Monday, 30 May 2011
Sunday night would have been... The Who, My Generation
The Who at the Marquee Club, 1967
My generation too of course. 'Hope I die before I get old' they sang, and two of them did. Mostly that's a pantomime though, and I was never quite a Who boy. Maybe I came from stock that never had a firm expectation of living very long.
A bad night, getting up and watching some TV then returning to bed. I eventually wake to Start the Week and Catherine Mayer talking about her book Amortality, the baby boom generation's desire to live like kids for ever and then pass away on the midnight with no pain, leaving a beautiful corpse.
Not sure that Budapest 1948 was exactly Baby Boom City, but I did grow up here, not there. One of the other speakers, Salil Shetty of Amnesty International, pipes in with the perfectly valid point that there are many parts of the world where amortality isn't a privileged choice, because mortality itself is so pressing. It is valid, yes, and at the same time I think how difficult it is for human beings to relate to what is not around them. People measure themselves by what they know at their fingers' ends. It is hard to say to someone uncomfortable in their London bed that there are people sleeping in desperate circumstances in, say, a jail in Syria. The house of the imagination has only so much room. Unhappiness is a relative condition that feels absolute to those in distress.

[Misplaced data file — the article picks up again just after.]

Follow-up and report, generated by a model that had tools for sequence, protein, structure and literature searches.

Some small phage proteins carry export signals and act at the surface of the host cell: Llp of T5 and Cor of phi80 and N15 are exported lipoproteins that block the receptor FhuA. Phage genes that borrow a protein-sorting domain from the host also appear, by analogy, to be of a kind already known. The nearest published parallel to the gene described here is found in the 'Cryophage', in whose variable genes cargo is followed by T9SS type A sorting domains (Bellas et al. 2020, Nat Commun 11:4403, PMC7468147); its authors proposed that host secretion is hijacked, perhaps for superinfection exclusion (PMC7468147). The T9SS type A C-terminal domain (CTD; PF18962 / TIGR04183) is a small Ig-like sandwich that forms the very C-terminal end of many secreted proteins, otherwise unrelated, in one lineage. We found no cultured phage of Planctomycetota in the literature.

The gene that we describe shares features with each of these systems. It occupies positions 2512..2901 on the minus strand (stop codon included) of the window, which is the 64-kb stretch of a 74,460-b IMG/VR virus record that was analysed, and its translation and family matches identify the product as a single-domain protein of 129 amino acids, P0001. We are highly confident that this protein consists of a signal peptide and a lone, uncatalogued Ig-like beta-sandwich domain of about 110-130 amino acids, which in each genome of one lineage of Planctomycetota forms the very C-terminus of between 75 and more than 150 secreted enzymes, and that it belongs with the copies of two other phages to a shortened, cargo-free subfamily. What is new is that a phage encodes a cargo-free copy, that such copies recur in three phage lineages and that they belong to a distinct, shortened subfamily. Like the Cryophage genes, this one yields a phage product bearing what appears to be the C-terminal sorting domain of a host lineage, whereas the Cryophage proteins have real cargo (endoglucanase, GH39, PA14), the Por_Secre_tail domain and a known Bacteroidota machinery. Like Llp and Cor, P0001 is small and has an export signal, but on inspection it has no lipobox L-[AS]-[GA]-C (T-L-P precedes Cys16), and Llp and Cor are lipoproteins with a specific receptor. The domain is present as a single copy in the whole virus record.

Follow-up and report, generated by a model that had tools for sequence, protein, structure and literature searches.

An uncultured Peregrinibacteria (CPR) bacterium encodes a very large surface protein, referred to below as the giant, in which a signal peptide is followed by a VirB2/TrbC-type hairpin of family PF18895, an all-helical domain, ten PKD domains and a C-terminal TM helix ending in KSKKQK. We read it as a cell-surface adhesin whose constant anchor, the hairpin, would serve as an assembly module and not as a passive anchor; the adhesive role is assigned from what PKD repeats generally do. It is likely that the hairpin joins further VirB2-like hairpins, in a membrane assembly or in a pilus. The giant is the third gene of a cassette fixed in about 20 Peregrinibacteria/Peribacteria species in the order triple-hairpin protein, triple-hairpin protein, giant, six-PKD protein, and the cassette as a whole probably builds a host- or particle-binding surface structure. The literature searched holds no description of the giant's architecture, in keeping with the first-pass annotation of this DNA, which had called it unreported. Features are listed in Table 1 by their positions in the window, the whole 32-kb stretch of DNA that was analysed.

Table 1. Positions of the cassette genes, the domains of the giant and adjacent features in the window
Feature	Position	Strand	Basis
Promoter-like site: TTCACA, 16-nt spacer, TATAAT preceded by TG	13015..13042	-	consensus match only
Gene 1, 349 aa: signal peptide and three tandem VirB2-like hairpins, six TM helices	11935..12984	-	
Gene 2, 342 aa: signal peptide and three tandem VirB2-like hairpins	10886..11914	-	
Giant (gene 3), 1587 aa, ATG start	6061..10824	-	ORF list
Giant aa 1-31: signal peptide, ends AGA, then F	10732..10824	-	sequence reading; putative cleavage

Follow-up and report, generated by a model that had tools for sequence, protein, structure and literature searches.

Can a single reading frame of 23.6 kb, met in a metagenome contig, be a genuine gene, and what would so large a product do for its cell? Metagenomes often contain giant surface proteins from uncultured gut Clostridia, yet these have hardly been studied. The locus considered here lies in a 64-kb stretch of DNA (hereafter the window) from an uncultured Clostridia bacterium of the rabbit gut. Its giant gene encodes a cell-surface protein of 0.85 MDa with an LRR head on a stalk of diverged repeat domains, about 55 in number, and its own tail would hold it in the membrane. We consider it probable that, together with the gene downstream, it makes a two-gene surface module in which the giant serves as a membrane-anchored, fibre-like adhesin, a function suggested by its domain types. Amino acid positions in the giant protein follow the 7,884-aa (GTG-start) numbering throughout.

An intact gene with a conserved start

But best not take amortality at face value. It is comical and ridiculous and oddly smug, like smashing a guitar in the Marquee in 1967. You cannot live by gestures alone, but gestures are there to be made.